Ski Jump ‘White Elephant’ And ‘Waste Of Taxpayer Dollars’

The 36 metre Olympic ski jump training facility planned for one of the most pristine coastlines in New South Wales, will be just another white elephant according to many locals, who claim the $16m project contravenes the local Council’s very clear vision for the area and will be a ‘spectacular’ waste of taxpayers’ money for very little economic return.

The large metal structure, with six ramps of varying heights and a hydraulic lift, is slated for construction on low lying heathland, sandwiched between the white sand of Seven Mile beach and the tranquillity of Lake Ainsworth—in a town with a building height restriction of 8.4metres.

According to Michelle Shearer from the group Lennox Head Against The Ski Jump, ‘There is no other structure even remotely like it for hundreds of kilometres, and it will loom up out of the pristine landscape and be visible from every decent vantage point.’

Rejected By Queensland

In fact you need to cross the border into Queensland’s Gold Coast to find buildings as high or higher, but even they didn’t want it.

In 2012 a similar training facility was planned to be built at the Sleeman Sports Complex in Brisbane, but was axed because it was found to have ‘no proven economic benefits’ and personal training benefits to only ‘a very few elite athletes’.

No Proven Economic Benefits

According to the incoming Queensland Sports Minister of the time, Steve Dickson, ‘I’ve no hesitation in cancelling this project, which was approved and progressed using some of the most financially unsound reasoning I’ve seen.

‘…usage indicates that fewer than 10 elite athletes would have used it for training purposes,’ he said. ‘With no credible business case to speak of, …it’s hard to imagine how this ill-conceived, inappropriate project was ever progressed, let alone paid for with Queenslanders’ taxes’.

Although the community of Lennox Head is still waiting for a formal DA, no economic feasibility study has been provided to date, and many are doubtful that the proposed ‘financial gains’ will outweigh the losses.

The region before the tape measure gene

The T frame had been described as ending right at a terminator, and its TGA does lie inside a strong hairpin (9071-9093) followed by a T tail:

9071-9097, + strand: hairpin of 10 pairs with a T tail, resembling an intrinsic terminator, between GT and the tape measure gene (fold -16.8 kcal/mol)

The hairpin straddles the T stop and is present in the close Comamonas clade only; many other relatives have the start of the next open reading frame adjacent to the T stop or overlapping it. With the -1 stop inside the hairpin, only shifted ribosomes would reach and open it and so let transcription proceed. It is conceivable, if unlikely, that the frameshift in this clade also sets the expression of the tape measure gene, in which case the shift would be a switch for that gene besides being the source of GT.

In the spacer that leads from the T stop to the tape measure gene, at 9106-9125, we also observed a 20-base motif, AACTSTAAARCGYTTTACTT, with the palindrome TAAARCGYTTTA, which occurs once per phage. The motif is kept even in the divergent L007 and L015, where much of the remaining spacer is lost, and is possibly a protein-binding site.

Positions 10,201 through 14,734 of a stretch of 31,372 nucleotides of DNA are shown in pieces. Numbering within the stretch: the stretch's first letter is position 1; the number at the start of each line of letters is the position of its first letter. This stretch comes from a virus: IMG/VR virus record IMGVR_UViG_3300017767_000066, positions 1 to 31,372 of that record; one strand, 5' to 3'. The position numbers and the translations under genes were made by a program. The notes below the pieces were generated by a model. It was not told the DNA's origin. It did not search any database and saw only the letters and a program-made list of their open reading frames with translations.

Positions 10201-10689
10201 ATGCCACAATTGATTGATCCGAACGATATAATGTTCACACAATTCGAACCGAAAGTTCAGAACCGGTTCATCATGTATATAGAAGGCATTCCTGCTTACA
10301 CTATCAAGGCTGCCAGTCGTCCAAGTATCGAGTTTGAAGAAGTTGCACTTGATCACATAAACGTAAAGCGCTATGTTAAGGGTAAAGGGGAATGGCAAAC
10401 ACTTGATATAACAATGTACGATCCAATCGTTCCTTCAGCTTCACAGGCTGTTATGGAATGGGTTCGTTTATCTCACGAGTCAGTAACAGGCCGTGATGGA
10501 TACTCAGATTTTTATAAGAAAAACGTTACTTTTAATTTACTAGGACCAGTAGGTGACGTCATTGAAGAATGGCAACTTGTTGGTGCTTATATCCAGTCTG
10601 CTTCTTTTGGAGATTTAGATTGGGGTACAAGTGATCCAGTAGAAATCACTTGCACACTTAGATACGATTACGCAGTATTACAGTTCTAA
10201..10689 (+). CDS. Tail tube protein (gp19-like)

According to Michelle Shearer, ‘It is very possible that just as many people will choose to stay away from Lennox Head if their spectacular views of untouched coastline are completely spoilt by this monstrosity. So the economics could cancel itself out entirely.’ 

Lennox Head Strategic Plan

For many in Lennox Head, the proposal’s contravention of the Council’s strategic vision for the area, should outrank any State or Olympic initiatives. The 2002 Plan is full of references to the importance of vistas, views, sensitive development and environmental fragility. Some examples are as follows:

  • ‘Buildings taller than 2 storeys will not be permitted’
  • ‘Protecting views and vistas to and from prominent ridgelines, headlands, beaches and other coastal areas’
  • ‘Future development should seek to minimise impacts of urban development on these landscapes by way of sensitive design.’
  • ‘Maintaining Lennox Head as a place where the natural environment dominates in terms of views’
  • ‘Match development with the environment’.

‘It’s very difficult to see how this ski jump facility fits within any of the guidelines contained in the Strategic Plan,’ Ms Shearer said.

Jindabyne Wants It

‘I have been contacted by someone who says there is a place where this facility would be very welcome—Jindabyne. The community of Jindabyne, deep in ski country, would love to play host to the ski jump and they are offering the perfect location; a state-owned Sport and Recreation camp,’ Ms Shearer said.

 

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